Project work

“Counterfactual triviality: A Lewis-impossibility proof for counterfactuals” Philosophy and Phenomenological Research (2012).

Lewis’s famously argued that the obvious formulation of the “Ramsey test” connecting belief in conditionals to conditional belief, trivialized. I show analogous results hold for counterfactual conditionals and a corresponding counterfactual Ramsey test, and identify the parallels and potential disanalogies.

Counterfactual desire as belief (recent draft)
Intimately tied to Lewis’s triviality result for conditionals was his putative reductio of the “desire as belief” thesis—the idea that degree of belief about the goodness of an option were (ideally) tied to levels of desire for that option. Lewis framed the result using evidential decision theory as a fix on rational desirability, and it’s been argued that he should have used the causal decision theory he himself argued was the appropriate model of rational action; and furthermore, the triviality results do not apply to this setting. I argue that this is only so for some formulations of causal decision theory, which are independently objectionable. On some not-so-objectionable causal decision theories, triviality is regained.

Suppositions and decisions (in preparation, with Daniel Elstein)
Daniel and I look carefully at the kind of theory of rationality offered in standard (among philosophers) formulations of decision theory. We distinguish between the practical rationality that links certain suppositional beliefs to desires/actions, and the theoretical rationality that tells us what the rational constraints are between those suppositional beliefs and our wider mental state. We further identify a role for beliefs in conditionals as reporting the key suppositional states, thus forging a link between practical rationality and ordinary modes of practical reasoning.  Under the assumption of perfect rationality, we may ignore these distinctions, since all three characterizations march in step. For imperfect agents, they can come apart. And we identify two families notions: indicative supposition, tied to ratios of categorical beliefs and reported by indicative conditionals; and counterfactual supposition, tied to expectations of conditional chance and reported by counterfactual conditionals. We note that in both cases, triviality results threaten the proper reporting of suppositional states of mind by conditionals.

An argument for conjunction conditionalization (recent draft, with Lee Walters).
If a conjunction A&B is true at a world, should the corresponding conditional “if A then B” be true there too? You might think not, intuitively. Lee and I measure the costs of dropping this principle.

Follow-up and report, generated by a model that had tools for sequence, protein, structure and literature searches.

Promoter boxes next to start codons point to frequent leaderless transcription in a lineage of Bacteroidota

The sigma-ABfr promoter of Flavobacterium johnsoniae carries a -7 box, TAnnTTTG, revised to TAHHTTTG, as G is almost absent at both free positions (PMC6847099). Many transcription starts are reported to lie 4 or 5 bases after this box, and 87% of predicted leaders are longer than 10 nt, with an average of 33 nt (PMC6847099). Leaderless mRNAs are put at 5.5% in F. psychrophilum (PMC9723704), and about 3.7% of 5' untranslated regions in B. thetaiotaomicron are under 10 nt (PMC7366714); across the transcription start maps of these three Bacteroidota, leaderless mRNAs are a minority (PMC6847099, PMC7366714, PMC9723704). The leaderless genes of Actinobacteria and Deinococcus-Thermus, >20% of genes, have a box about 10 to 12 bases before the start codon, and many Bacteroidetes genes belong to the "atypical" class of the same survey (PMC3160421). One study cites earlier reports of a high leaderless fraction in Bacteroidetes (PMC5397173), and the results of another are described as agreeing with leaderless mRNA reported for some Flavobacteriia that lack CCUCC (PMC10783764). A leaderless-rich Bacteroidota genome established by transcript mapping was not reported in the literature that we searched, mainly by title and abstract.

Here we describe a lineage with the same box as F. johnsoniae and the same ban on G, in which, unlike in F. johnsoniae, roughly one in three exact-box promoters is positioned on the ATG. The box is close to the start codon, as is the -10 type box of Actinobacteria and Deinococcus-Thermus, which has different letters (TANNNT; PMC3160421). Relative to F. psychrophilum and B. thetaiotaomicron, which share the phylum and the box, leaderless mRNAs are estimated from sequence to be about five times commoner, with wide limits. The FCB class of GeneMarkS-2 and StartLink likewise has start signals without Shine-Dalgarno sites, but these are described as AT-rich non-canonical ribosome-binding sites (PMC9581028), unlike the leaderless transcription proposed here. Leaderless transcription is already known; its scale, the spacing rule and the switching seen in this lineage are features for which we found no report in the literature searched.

“Defending conditional excluded middle” Nous 44(4): 650-668 (August 2010). Penultimate Draft
I present arguments that Conditional Excluded Middle is a costly principle to drop from one’s logic of conditionals. I consider Bennett’s arguments against it, based on its interaction with epistemic modality, and find them wanting.

“Vagueness, conditionals and probability” in Erkenntnis 70(2): 151-171 (March 2009). Penultimate Draft
In his defense of conditional excluded middle, Stalnaker argued that the conditionals Lewis regards as false, are in fact indeterminate. He also maintains that intermediate belief in conditionals such as “If I flipped this fair coin, it’d land heads” is appropriate. I note that these theses will clash on several understandings of the cognitive role of indeterminacy.

Tenable conditionals (recent draft)
I construct an account of indicative/counterfactual conditionals intended to systematically bypass Lewisian triviality accounts. It has the result that almost all conditionals are indeterminate; but I argue (picking up themes from the Erkenntnis paper above) that this should not pose an obstacle to substantive characterizations of the appropriate degree of belief to have in them.

“Chances, counterfactuals and similarity”Philosophy and Phenomenological Research, vol 77(2), 2008. Penultimate Draft
Lewis’s account of the worldly conditionals that make-true a counterfactual were designed for deterministic worlds. Hawthorne has presented arguments that his attempted patch misfires. I respond to Hawthorne’s arguments, and present an improved Lewis-style treatment of chancy counterfactuals, based on identifying “fit with chancy laws” on a notion of “being typical according to those laws”.

“Counterfactuals and chance, redux” Analytic Philosophy (forthcoming).
I respond to Dylan Dodd’s interesting objections to the account developed in the PPR paper above—he points out some counterintuitive predictions that argue to be simply a reflection of a presupposed classical treamtent of the vagueness of “typicality”.

“Conversation and conditionals”; Philosophical Studies 138(2): 211-223 (March, 2008). Penultimate draft.
I look at the way that Stalnakerian conversational dynamics play with the truth-conditions of conditionals. I offer explanations in these terms of two puzzles concerning indicative conditionals: the infelicity of reverse Sobel sequences, and the “Gibbard phenomenon”—apparent violations of conditional non-contradiction.